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Datatypes:

As the name suggests, Python data types are nothing but defining the type of the variable.

Here in Python, we don’t need to declare a variable explicitly mentioning the data type. This feature in Python is known as dynamic typing.

We will also be discussing:

  • Python Date and Time

Learn Python in 16 hrs from experts



Datatypes in Python

Numbers

In python, numbers are divided into five datatypes.

They are:

  • integer,
  • long integer,
  • octal and hexadecimal,
  • floating-point and
  • complex numbers

Integers

Python integers are nothing but whole numbers, whose range dependent on the hardware on which python is run.

Integers can be of different types such as positive, negative, zero, and long.

I = 123   #Positive Integer
J = -20  #Negative Integer
K = 0     #Zero Integer

Long Integers

L suffix is used for the representation of long integers in python. Long integers are is used to store large numbers without losing precision.

I = 99999999999L

Octal and Hexadecimal

In python, we also have another number datatype called octal and a hexadecimal number.

  • To represent the octal which has base 8 in python add a preceding 0 (zero), so that Python interpreter can recognize that you want the value to be in base 8 and not in base 10.
I = 11
#Then in Octal you will write –
I = 011
print (I)
Output 9
  • To represent the hexadecimal numbers (base 16) in Python, add a preceding 0x, so that the interpreter can recognize that you want the value to be in base 16 and not in base 10.
I = 0x11
print (I)
Output 17

Floating Point numbers

Floating point numbers symbolize the real numbers that are written with a decimal point dividing the integer and fractional parts.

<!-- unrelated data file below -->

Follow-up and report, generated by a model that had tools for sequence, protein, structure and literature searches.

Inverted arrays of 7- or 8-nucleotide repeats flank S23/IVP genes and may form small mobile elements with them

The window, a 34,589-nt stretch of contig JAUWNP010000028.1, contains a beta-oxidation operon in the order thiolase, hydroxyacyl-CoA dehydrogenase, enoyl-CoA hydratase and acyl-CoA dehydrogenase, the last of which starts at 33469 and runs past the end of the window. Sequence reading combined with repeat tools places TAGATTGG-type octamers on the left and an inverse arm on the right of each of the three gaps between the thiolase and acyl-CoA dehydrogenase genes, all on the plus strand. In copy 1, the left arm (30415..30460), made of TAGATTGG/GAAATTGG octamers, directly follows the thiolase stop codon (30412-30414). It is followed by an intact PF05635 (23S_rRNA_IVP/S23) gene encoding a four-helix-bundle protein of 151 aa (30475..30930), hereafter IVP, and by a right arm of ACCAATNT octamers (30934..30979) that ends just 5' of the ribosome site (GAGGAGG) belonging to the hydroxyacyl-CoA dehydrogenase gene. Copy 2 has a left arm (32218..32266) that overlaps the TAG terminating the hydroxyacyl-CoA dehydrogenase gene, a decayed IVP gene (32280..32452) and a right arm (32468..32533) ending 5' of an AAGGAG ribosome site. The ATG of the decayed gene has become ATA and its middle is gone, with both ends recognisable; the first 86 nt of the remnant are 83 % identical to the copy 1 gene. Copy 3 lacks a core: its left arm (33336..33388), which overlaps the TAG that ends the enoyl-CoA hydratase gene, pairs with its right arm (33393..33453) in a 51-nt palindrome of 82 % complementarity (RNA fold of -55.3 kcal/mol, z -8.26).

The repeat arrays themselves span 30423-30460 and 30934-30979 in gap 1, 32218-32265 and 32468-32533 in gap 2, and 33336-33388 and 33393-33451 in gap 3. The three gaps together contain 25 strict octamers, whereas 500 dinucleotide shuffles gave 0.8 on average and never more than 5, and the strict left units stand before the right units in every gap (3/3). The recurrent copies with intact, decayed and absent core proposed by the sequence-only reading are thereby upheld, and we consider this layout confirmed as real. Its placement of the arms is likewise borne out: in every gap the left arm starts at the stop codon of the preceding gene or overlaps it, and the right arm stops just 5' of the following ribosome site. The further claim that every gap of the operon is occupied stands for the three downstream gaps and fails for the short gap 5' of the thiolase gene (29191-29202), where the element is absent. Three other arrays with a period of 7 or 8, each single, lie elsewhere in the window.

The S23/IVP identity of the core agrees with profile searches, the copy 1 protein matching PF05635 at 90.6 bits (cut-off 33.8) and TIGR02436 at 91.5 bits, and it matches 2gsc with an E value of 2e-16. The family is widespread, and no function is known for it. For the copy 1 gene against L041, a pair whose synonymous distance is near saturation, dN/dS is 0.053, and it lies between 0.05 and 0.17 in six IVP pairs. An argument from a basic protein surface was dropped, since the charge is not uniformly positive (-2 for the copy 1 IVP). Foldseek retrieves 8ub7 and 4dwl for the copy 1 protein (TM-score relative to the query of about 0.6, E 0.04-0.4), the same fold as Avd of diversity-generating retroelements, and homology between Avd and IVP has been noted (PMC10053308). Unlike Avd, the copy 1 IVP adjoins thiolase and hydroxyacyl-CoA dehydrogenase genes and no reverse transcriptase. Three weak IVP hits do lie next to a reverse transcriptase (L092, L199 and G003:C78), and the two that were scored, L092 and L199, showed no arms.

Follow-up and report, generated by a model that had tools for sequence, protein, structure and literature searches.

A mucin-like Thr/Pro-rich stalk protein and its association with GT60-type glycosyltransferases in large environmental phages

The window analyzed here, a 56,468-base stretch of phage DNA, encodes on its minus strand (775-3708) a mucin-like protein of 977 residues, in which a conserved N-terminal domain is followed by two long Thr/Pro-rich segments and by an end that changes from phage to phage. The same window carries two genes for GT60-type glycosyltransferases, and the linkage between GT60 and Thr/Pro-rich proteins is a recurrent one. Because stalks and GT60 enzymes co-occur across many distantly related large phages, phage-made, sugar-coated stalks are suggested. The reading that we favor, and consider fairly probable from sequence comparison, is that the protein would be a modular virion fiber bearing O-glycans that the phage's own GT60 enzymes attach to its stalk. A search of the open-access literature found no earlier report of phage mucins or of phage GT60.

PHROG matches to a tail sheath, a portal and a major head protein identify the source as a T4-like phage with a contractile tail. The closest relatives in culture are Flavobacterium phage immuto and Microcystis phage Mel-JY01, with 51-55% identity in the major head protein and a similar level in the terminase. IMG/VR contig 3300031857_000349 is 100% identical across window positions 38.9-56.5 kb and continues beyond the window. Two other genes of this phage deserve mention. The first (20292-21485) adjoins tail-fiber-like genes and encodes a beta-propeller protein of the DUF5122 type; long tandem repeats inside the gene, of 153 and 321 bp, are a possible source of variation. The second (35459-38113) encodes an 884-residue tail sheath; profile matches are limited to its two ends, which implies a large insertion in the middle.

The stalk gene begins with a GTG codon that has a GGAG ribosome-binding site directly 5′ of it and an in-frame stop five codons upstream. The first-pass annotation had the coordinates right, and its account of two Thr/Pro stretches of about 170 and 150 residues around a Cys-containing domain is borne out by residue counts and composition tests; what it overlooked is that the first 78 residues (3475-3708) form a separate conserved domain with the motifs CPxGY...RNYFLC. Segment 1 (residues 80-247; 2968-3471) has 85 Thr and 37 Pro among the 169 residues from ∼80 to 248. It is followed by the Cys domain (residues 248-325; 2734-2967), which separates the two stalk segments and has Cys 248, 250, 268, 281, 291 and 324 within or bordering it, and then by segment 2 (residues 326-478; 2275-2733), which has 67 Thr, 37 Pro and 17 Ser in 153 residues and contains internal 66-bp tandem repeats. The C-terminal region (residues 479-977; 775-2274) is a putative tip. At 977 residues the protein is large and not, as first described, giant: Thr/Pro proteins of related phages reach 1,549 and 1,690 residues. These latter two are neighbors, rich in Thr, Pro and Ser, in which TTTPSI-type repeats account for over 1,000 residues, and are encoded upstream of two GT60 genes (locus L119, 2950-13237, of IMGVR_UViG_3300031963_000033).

Floating point numbers may also be in scientific notation with E or e, indicating the power of 10

e.g.:

5.6e2 that means 5.6 * 102.

I = 2.5
J = 7.5e4

Complex Numbers

Complex numbers are of the form of a + bj, where a is real part floating value and b is the imaginary part floating value and j represents the square root of -1.

2.5 + 2j

Now let us move ahead and discuss another very important and widely used python datatype which is called string

String:

Python string is an ordered collection of characters which is used to represent and store the text-based information. Strings are stored as individual characters in a contiguous memory location. It can be accessed from both the directions in forward and backward.

Creating String:

Name = “Hello Intellipaat”

Accessing string characters:

It can be accessed from both the directions in forward and backward. Forward indexing start form 1,2,3… Whereas backward indexing start form -1, -2, -3….

Name = “Hello Intellipaat”
print (Name [1])
Output: eprint (Name [-1])
Output: t

Updating String:

Strings are immutable that means once a string binds to a variable it can’t be modified.

Strings Operators

There are 3 types of operators are supported by the string which are –

  • Basic Operators (+, *)
  • Relational Operators (<, ><=, >=, ==, !=)
  • Membership Operators (in, not in)

Table: Common String Constants and Operations

Operators Description
s1 = ‘  ’ Empty string
s2 = “a string” Double quotes
block = ‘‘‘…’’’ Triple-quoted blocks
s1 + s2 Concatenate
s2 * 3 repeat
s2[i] i=Index
s2[i:j] slice
len(s2) length
“a %s parrot” % ‘dead’ String formatting
for x in s2 Iteration
‘m’ in s2 membership

Table:  String Backslash Characters

Operators Description